Showers and thunderstorms will keep Pittsburgh unsettled through midweek, which is not the news those with outdoor plans want to hear.
With steamy air still in place, the tail-end of a storm system tracking into eastern Canada will cause a shower or thunderstorm to cross the Pittsburgh area through Tuesday evening.
Tuesday will not be a wash out since the storminess will tend to be spotty and cause minor disruptions to outdoor activities.
AccuWeather.com MinuteCast™ has the minute-by-minute forecast for your exact location when showers and thunderstorms threaten. Type your city name, select MinuteCast™, and input your street address. On mobile, you can also use your GPS location.
There is concern for Tuesday's thunderstorms to produce heavy downpours with some gusty winds, but that threat lies east of the Laurel Mountains.
A brief dry spell will come Wednesday morning before thunderstorms begin to track back into the area Wednesday afternoon.
It will be a close call as to whether a band of intense thunderstorms with damaging winds and/or heavy rain blasts across the city Wednesday evening.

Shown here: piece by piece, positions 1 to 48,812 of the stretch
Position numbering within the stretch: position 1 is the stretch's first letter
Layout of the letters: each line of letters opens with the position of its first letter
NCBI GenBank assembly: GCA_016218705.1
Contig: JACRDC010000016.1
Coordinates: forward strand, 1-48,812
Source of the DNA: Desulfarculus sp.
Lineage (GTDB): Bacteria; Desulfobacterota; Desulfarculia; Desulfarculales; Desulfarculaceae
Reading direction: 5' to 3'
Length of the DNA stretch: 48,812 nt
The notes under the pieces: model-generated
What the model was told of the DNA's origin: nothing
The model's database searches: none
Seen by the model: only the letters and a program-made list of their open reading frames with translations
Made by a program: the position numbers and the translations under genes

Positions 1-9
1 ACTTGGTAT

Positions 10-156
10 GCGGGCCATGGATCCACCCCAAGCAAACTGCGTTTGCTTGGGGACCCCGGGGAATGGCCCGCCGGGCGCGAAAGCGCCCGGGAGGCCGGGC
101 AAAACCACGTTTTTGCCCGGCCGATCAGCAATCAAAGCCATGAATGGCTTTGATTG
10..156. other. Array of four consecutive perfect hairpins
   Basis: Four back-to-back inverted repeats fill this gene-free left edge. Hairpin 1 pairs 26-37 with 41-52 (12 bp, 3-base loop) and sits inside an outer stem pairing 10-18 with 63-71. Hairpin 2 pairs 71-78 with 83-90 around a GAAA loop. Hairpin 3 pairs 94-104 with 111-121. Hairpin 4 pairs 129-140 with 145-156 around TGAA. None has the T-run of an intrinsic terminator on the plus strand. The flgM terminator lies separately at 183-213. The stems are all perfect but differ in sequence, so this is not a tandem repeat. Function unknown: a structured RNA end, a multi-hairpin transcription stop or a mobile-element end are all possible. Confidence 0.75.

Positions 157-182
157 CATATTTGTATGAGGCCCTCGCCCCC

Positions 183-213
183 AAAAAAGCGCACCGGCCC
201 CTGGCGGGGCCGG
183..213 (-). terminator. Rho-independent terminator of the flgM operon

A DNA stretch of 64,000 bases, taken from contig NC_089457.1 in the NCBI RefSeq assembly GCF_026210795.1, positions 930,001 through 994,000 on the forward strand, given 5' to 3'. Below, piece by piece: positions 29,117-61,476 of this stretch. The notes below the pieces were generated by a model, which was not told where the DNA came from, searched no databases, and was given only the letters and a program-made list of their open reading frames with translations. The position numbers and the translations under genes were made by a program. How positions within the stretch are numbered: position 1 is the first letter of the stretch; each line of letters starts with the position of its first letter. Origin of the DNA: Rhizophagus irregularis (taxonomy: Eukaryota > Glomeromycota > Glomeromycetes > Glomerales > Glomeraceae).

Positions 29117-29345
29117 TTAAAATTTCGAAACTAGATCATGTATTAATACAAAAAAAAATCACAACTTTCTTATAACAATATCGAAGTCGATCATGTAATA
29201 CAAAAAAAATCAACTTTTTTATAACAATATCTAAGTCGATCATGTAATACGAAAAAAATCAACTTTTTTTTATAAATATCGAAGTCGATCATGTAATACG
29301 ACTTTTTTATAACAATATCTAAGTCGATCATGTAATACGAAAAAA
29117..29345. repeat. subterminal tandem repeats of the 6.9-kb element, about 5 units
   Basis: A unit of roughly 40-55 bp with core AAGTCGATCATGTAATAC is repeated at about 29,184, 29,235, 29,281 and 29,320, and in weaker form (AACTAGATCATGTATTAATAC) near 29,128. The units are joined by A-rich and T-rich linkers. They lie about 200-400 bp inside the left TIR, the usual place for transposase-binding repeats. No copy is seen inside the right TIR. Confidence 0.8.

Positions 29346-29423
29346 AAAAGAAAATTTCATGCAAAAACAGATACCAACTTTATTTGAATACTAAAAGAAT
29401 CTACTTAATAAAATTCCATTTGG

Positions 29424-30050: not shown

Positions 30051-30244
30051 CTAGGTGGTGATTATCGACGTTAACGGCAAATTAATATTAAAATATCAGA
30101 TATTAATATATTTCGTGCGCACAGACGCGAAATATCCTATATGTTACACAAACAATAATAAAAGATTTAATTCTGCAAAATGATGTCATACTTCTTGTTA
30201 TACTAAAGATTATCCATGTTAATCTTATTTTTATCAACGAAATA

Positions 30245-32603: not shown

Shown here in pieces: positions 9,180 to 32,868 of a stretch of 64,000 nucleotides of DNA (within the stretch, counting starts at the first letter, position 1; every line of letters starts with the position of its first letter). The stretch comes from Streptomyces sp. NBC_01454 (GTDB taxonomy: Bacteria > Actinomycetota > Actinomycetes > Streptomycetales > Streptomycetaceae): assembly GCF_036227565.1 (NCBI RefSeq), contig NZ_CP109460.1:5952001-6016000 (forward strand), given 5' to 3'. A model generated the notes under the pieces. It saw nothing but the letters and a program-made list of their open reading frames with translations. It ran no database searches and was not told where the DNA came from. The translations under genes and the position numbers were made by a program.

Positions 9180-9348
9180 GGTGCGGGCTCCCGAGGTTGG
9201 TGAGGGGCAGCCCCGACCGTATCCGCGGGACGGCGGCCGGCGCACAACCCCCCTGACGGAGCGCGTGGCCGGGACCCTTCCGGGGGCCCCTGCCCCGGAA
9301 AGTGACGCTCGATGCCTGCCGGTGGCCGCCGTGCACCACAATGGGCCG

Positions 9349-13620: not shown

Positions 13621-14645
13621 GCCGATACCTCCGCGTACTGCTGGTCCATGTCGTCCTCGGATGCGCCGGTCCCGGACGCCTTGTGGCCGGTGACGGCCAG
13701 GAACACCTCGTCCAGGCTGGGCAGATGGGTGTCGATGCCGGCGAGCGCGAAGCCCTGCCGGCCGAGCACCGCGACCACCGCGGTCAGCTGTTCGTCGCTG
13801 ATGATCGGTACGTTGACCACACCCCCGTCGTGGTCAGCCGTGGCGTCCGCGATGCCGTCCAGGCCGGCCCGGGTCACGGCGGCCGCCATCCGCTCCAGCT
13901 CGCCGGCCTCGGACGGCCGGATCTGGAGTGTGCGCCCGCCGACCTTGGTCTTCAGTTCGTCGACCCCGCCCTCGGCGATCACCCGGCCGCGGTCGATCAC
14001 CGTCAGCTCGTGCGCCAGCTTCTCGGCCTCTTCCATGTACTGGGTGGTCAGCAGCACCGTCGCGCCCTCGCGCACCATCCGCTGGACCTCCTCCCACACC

The departure of a shower Thursday morning will open the door for a dry stretch of weather to unfold later Thursday through the weekend.
Two dozen people have died in West Virginia as a result of extreme flooding that inundated portions of the state on Thursday.
Another round of sizzling heat threatens to aggravate the ongoing wildfire situation across the southwestern United States through early week.
Following a rain-free weekend for many in the Northeast, residents may be wondering if this is a sign of things to come for July.
The next round of thunderstorm downpours will swing into the Appalachians with the risk of isolated flash flooding on Monday.
With the start of summer comes more time traveling and the unfortunate mess some items will leave if left baking in a hot car.
Showers threaten to cause delays on a nearly daily basis next week at the 2016 Wimbledon Championships.
Searing heat: 111 in Lauria and 110 in Larisa.
New York City, NY (1888)
Heat wave: a record 14 consecutive days with 80-degree plus average ended.
Milford, UT (1970)
105 degrees -- record high for city.